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State v. Bell

Superior Court of New Jersey, Appellate Division

September 5, 2013

STATE OF NEW JERSEY, Plaintiff-Respondent,
v.
REGINALD BELL, Defendant-Appellant.

NOT FOR PUBLICATION WITHOUT THE APPROVAL OF THE APPELLATE DIVISION

Submitted May 15, 2013.

On appeal from the Superior Court of New Jersey, Law Division, Hudson County, Indictment No. 10-03-0391.

Joseph E. Krakora, Public Defender, attorney for appellant (Jason Coe, Assistant Deputy Public Defender, of counsel and on the brief).

Gaetano T. Gregory, Acting Hudson County Prosecutor, attorney for respondent (Vando Cardoso, Special Deputy Attorney General/ Acting Assistant Prosecutor, on the brief).

Before Judges Sapp-Peterson and Haas.

PER CURIAM.

After his motion to suppress evidence was denied, defendant Reginald Bell, in accordance with a negotiated plea agreement, pled guilty to second-degree possession of a controlled dangerous substance, N.J.S.A. 2C:35-5a(1) (count one); third- degree possession of a controlled dangerous substance with the intent to distribute within 1000 feet of a school, N.J.S.A. 2C:35-7 (count two); and third-degree resisting arrest, N.J.S.A. 2C:29-2a (count six), under Hudson County Indictment No. 10-03-391. He also pled guilty to third-degree bail jumping, N.J.S.A. 2C:29-7, under Accusation No. 668-11. He was sentenced to an aggregate custodial term of eight years. We affirm.

At the time he entered his plea to Indictment No. 10-03-0391, defendant was also facing sentencing in Atlantic County on unrelated drug charges to which he previously pled under Atlantic County Indictment No. 10-3889-01. Each indictment involved offenses that carried a period of mandatory incarceration and periods of parole ineligibility. Under Indictment No. 10-03-0391, the State agreed to recommend no more than an aggregate ten-year custodial term with a four-year period of parole ineligibility concurrent to any sentence imposed on charges pending against defendant in Atlantic County. The court personally questioned defendant on the terms of the plea agreement, the voluntariness of his guilty pleas, as well as the consequences of pleading guilty, including the difficulty in later seeking to withdraw his guilty pleas. The court also questioned defendant about understanding his right to a trial by jury in connection with the charges, his educational background, and whether he was under the influence of "alcohol, drugs or any medicine the doctors gave [him] that could impair [his] judgment." After being satisfied there was a factual basis to accept the guilty pleas and that defendant voluntarily entered the guilty pleas with full knowledge and understanding of the consequences of the guilty pleas, the court accepted defendant's guilty pleas.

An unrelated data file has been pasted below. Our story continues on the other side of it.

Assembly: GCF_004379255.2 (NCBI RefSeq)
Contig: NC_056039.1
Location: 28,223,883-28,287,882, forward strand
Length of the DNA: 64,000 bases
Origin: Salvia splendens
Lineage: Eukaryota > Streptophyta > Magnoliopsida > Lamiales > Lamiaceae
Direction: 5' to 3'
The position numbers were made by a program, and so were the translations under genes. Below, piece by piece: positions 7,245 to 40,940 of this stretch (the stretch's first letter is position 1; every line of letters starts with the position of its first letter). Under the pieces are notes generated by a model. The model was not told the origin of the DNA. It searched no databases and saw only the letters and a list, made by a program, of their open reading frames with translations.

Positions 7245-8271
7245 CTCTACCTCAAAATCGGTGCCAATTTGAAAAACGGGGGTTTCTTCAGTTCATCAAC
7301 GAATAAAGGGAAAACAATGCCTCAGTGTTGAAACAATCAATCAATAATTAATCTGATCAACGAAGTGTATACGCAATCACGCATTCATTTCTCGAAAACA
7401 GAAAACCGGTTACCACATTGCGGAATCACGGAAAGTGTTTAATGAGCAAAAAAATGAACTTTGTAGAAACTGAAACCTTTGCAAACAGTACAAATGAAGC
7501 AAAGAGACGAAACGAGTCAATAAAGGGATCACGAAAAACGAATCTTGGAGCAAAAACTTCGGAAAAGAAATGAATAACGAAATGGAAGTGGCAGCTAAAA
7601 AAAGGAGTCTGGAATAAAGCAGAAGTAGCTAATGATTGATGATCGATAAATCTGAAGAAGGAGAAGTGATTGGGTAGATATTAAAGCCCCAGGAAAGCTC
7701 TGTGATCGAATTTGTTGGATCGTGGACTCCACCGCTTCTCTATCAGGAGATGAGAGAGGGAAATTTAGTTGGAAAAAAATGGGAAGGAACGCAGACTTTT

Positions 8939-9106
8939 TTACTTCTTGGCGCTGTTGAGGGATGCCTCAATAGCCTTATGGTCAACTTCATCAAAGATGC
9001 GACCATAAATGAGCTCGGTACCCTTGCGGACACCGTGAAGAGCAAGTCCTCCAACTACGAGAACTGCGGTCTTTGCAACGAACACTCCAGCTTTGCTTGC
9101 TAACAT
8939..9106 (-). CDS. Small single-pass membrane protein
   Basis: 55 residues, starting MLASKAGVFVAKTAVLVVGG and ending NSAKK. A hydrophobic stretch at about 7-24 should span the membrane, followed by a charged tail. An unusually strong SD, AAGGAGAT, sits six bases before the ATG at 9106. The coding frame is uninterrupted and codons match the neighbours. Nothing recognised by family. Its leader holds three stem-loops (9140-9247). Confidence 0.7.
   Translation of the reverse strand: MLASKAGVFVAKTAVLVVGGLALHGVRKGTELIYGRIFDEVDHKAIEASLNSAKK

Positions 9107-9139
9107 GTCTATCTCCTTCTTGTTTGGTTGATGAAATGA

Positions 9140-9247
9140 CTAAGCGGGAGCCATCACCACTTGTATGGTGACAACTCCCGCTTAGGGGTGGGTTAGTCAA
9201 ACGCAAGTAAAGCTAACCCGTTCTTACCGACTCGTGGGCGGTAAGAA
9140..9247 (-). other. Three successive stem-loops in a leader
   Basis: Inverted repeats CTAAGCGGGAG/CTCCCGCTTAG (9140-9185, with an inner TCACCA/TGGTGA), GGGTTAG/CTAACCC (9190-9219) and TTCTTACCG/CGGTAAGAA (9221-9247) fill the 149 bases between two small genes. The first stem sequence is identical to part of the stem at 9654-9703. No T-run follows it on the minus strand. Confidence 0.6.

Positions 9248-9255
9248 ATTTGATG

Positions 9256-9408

When defendant appeared for sentencing in Hudson County five weeks later, defense counsel placed on the record defendant's intention to apply to drug court and the fact that during a conference with the court just before the sentencing hearing commenced, the court suggested that the sentencing proceed with the understanding that the sentence imposed would be stayed if defendant applied to drug court. After speaking with defendant, defense counsel requested "that Your Honor go forward with the sentencing and if Your Honor could stay that so I can get the drug court app[lication] and I will have the drug court app[lication] completed before one o'clock and filed today." The prosecutor, while not objecting to this proposed procedure, stated that defendant's application to drug court was "never part of the plea agreement. The plea agreement was separate and apart." The court imposed sentencing in accordance with the plea agreement and advised defendant that he would be returned to court in two weeks to review whether he was "legally eligible" for admission into drug court. The prosecutor objected and the court imposed sentence.

Defendant was subsequently sentenced in Atlantic County on the unrelated drug charges to a four-year custodial term with a two-year parole disqualifier. He returned to Hudson County Superior Court in December where his attorney expressed the opinion that the issue of defendant's admission into drug court was now moot in light of defendant's Atlantic County sentence. The court lifted the stay and ordered imposition of the sentence.

On appeal, defendant raises the following points.

POINT I
THE TRIAL COURT ERRONEOUSLY FAILED TO ADDRESS BELL'S PENDING APPLICATION TO DRUG COURT.
POINT II
BELL'S SENTENCE WAS EXCESSIVE IN RELATION TO THE OFFENSE, AND IT WAS THE PRODUCT OF AN IMPROPER ANALYSIS OF APPLICABLE AGGRAVATING AND MITIGATING FACTORS.

We have considered the points raised in light of the record, arguments advanced, and applicable legal principles. We conclude the points raised are without sufficient merit to warrant discussion in a written opinion. R. 2:11-3(e)(2). We add the following brief comments.

Defendant failed to meet the eligibility requirements for admission into the drug court program, N.J.S.A. 2C:35-14. Additionally, the sentence imposed was in accordance with the negotiated plea agreement, which defendant knowingly and voluntarily entered. State v. Soto, 385 N.J.Super. 247, 254-55, 257 (2006). Moreover, the court found three aggravating factors under N.J.S.A. 2C:44-1a (3), (6) and (9), and no mitigating factors. There is substantial credible evidence in the record to support the sentence imposed and there is no basis to substitute our judgment for that of the trial court. State v. Lawless, ___ N.J. ___, ___ (2013) (slip op. at 19).

Affirmed.


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